Operating under names like Green Releaf Dispensary and CoMo Gro, 25 businesses and individuals have paid thousands of dollars in application fees for the chance to operate a medical marijuana facility in Columbia.

Entrepreneurs filed paperwork and paid fees to apply for 22 dispensary licenses, seven cultivation licenses and three manufacturing licenses in Columbia, according to records from the Missouri Department of Health and Senior Services.

The hopefuls looking to enter the marijuana market include businesses already involved in cannabis-related retail in the city, such as American Shaman and Grass Roots Smoke Shop, as well as newcomers to the industry. Fifteen of the applicants had Columbia mailing addresses.

Two people — Shruti Patel and Adam Fuchs — have filed paperwork seeking to operate all three types of facilities in Columbia. Neither could be reached for comment Wednesday.

Businesses will not be able to file formal applications to sell marijuana until Aug. 3, but more than 500 people statewide have already paid their application fee in advance of the application date.

Paying the fee — $6,000 for dispensary and manufacturer applications and $10,000 for cultivator applications — is the first step toward competing for a share of the lucrative medical marijuana business in Missouri, which could grow into a $480 million a year industry, according to the Missouri Cannabis Industry Association.

The state has already collected $3.9 million in application fees and is expected to begin licensing businesses by the end of the year.

Current medical marijuana rules allow licenses for 192 dispensaries, 86 infused-product facilities and 60 cultivation facilities, which would be dispersed across eight regions in the state, as reported by the Missourian.

The list of people and businesses who have paid the pre-filed license application fees was first obtained by the St. Louis Post-Dispatch. The news organization attempted to obtain the information from the state through a public records request, and, when that failed, it filed a lawsuit challenging the state’s authority to keep the records closed.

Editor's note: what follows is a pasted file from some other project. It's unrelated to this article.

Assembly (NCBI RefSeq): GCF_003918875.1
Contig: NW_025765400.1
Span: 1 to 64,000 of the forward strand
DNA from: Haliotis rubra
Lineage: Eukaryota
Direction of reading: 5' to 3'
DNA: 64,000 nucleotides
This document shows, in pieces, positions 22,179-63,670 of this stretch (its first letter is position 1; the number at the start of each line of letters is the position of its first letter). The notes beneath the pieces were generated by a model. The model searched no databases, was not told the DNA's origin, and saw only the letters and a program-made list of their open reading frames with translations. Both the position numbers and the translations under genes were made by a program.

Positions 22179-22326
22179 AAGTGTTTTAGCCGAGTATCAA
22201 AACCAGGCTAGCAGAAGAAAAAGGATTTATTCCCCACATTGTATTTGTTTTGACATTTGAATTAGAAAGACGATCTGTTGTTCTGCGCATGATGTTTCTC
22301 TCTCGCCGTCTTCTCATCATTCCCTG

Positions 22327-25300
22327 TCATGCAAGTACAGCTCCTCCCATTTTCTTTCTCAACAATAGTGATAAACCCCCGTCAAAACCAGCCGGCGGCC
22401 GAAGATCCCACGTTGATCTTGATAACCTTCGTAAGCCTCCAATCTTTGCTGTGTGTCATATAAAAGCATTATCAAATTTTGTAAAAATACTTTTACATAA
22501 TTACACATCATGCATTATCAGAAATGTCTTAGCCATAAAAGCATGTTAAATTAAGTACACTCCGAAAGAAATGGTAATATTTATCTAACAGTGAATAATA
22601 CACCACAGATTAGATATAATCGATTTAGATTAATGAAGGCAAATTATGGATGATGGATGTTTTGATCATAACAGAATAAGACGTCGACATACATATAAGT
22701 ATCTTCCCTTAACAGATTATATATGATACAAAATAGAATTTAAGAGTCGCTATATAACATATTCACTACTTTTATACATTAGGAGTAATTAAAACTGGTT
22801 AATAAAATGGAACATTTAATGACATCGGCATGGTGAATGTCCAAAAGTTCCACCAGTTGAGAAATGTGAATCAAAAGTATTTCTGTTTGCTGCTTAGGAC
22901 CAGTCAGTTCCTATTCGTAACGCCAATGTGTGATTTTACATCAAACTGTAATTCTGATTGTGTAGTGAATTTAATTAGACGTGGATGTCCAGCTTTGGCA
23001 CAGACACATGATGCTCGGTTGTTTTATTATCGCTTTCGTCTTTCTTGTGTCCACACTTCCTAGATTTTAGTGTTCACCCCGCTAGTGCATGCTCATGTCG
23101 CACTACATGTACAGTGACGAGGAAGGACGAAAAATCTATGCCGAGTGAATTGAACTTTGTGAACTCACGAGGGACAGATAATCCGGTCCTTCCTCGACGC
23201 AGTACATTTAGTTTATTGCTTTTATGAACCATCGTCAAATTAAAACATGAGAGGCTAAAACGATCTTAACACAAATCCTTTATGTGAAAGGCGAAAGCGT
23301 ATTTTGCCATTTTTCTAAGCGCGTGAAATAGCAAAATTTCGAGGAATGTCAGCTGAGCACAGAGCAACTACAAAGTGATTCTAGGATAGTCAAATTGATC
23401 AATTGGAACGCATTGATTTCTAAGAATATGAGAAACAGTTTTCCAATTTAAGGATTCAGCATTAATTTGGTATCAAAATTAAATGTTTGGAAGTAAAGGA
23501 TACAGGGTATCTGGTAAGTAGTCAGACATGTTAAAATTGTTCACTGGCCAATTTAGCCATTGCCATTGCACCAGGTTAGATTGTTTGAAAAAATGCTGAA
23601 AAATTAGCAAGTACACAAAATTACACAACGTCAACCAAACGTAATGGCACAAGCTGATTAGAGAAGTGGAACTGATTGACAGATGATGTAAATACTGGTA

A Cole County judge ruled in favor of the Post-Dispatch on June 21, and the department released the records to the news organization Tuesday afternoon.

Jill Wren of Columbia said Wednesday she decided to seek a permit to open a medical marijuana dispensary in the city due, in part, to the death of a friend, Nichelle Lawrence.

She said Lawrence, who died in 2016, suffered from multiple sclerosis and used cannabis for medical reasons.

“It was a hard, hard road for her,” Wren said. “One of the only ways she could get through the day was by using cannabis.”

Wren said she relied on her family for help navigating the regulations surrounding the burgeoning industry. Wren said her father is a pharmacist and her brother developed software for the cannabis industry in Colorado.

Wren said she was also a member of the conference-organizing committee for the Missouri Cannabis Industry Association, which has connected her with professionals in the industry.

Wren said she was still working on a location for the dispensary.

Brad Beard said he and his two sons applied for a license, though they feared they would be beaten out by well-financed companies from Colorado and California.

The Beards own and operate American Shaman, a Columbia shop that sells CBD oil, which is extracted from cannabis. He said the business has been very successful, and he hoped the family’s experience in the CBD industry would give them an edge.

Beard said if they did not get a license, they would have to eat the cost of the $6,000 application fee, but the chance to get into the marijuana market at the very beginning was worth the risk.

“If you get picked, you are going to be well, well off,” he said.

Supervising editor is Olivia Garrett.

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